Tesla testing 'Mad Max' autopilot mode

    Tesla CEO Elon Musk unveils the Tesla Semi in November 2017 in Hawthorne, California.

    Story highlights

    • Electric car maker testing "Mad Max" autopilot mode
    • Prototype system is designed for heavy traffic

    (CNN)The futuristic film "Mad Max" is having a real-life moment, and those who drive in heavy traffic will understand why.

    Electric vehicle maker Tesla is trying out an aggressive "Mad Max" driving mode in its prototype autopilot feature, chief executive Elon Musk revealed Monday.
      The mode -- named after the post-apocalyptic 1979 Mel Gibson film -- is the highest setting of Tesla's blind spot detection system in its autopilot.
        The setting, which allows for a smaller distance threshold to nearby vehicles, is made for highways with heavy traffic -- like Los Angeles' notorious Interstate 405 during rush hour -- when changing lanes can be challenging.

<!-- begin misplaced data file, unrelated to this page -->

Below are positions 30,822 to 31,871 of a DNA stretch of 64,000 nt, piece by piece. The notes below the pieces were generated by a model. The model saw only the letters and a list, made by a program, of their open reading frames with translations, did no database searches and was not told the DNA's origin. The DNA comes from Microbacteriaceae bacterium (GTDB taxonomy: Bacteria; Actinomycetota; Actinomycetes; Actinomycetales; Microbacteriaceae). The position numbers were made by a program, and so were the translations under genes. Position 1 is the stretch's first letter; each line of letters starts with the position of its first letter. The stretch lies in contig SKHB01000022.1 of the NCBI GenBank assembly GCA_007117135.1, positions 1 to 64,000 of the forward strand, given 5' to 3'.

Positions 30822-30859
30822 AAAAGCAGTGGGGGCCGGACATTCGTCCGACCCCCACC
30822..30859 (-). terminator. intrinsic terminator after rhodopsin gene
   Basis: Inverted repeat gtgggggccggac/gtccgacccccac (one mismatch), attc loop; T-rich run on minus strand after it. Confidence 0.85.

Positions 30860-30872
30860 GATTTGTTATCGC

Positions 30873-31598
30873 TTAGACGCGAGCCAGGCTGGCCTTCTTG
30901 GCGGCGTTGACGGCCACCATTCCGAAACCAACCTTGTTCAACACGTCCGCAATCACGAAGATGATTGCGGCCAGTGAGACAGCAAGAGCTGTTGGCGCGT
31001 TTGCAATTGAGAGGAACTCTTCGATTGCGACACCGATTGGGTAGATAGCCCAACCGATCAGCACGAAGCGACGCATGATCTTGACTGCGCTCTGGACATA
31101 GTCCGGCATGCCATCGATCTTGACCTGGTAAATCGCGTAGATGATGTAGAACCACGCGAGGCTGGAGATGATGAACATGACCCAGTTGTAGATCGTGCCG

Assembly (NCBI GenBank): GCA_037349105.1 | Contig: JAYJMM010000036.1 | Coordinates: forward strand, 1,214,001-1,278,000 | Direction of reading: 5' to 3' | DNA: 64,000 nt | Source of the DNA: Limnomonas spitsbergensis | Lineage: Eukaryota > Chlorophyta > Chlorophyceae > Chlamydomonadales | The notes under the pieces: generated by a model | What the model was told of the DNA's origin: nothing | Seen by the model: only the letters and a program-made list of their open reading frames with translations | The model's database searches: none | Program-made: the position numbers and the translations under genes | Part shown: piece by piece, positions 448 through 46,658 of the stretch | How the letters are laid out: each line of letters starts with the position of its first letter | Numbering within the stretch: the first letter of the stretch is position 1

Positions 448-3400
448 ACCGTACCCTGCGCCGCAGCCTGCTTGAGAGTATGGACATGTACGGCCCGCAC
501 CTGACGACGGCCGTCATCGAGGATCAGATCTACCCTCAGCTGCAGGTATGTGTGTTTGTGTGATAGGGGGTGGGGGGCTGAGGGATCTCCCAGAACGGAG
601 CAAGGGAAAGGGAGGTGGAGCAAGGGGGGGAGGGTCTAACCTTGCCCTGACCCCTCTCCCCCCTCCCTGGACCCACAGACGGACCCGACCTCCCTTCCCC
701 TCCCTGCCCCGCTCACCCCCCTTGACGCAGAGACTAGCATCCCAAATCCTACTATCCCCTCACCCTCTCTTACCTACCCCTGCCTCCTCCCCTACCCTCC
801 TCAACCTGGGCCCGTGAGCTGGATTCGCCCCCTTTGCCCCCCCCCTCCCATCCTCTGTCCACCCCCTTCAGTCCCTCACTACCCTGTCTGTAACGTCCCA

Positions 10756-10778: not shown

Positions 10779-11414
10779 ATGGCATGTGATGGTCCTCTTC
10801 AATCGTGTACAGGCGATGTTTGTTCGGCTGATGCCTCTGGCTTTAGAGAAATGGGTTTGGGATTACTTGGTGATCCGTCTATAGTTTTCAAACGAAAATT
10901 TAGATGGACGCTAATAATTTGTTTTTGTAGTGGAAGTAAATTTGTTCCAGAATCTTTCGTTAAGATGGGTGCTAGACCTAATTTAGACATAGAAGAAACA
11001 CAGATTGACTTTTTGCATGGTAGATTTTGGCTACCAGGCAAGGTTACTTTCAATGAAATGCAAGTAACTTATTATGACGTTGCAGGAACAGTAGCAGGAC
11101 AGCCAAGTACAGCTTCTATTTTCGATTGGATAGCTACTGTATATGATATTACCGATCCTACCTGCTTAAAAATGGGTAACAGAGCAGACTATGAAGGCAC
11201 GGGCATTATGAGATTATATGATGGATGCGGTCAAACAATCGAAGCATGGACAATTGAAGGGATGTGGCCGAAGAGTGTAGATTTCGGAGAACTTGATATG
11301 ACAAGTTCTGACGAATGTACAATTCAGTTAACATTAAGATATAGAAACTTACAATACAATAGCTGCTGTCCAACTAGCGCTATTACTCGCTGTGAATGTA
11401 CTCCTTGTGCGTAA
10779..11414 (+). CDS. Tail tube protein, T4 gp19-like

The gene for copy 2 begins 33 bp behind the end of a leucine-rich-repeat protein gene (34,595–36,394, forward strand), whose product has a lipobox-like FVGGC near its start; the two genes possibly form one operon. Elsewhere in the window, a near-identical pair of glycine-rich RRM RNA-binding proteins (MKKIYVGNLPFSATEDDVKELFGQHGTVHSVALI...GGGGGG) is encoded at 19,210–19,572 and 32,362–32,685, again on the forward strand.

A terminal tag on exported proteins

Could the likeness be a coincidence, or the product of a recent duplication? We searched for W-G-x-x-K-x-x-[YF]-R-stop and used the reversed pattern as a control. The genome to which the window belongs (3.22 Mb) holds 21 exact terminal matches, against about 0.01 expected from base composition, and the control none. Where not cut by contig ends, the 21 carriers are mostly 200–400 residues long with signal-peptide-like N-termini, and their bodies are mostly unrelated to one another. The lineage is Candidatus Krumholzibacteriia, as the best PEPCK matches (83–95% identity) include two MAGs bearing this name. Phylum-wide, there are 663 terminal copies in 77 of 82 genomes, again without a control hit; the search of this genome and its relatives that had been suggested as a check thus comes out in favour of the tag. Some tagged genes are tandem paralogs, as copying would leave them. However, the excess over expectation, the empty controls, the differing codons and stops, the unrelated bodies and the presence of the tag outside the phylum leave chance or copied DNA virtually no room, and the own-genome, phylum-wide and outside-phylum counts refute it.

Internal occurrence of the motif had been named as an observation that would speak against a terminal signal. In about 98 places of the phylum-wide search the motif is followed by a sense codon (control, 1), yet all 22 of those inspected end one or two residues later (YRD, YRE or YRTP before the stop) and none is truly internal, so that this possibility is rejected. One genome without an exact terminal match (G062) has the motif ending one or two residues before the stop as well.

Musk responded to a Twitter user's creative image of a Tesla semi truck featured in a "Mad Max" dystopian setting with, "It's real."
        He tweeted a photo of Tesla's development-stage autopilot display, showing "Mad Max" mode beside the lower "Aggressive" and "Standard" settings.
          Musk, who reportedly owns multiple homes in the Bel-Air section of Los Angeles, appears to be influenced by the city's snarling traffic.
          "We considered going beyond 'Mad Max' to 'LA Freeway' level, but that's too loco," he added in another tweet.
          In November, Tesla announced plans to enter the heavy vehicle market, starting with a semi truck to begin production next year. The Tesla Semi will accelerate from 0-60 mph in 20 seconds while carrying 80,000 pounds, according to the automaker, and can travel 300 to 500 miles in one charge.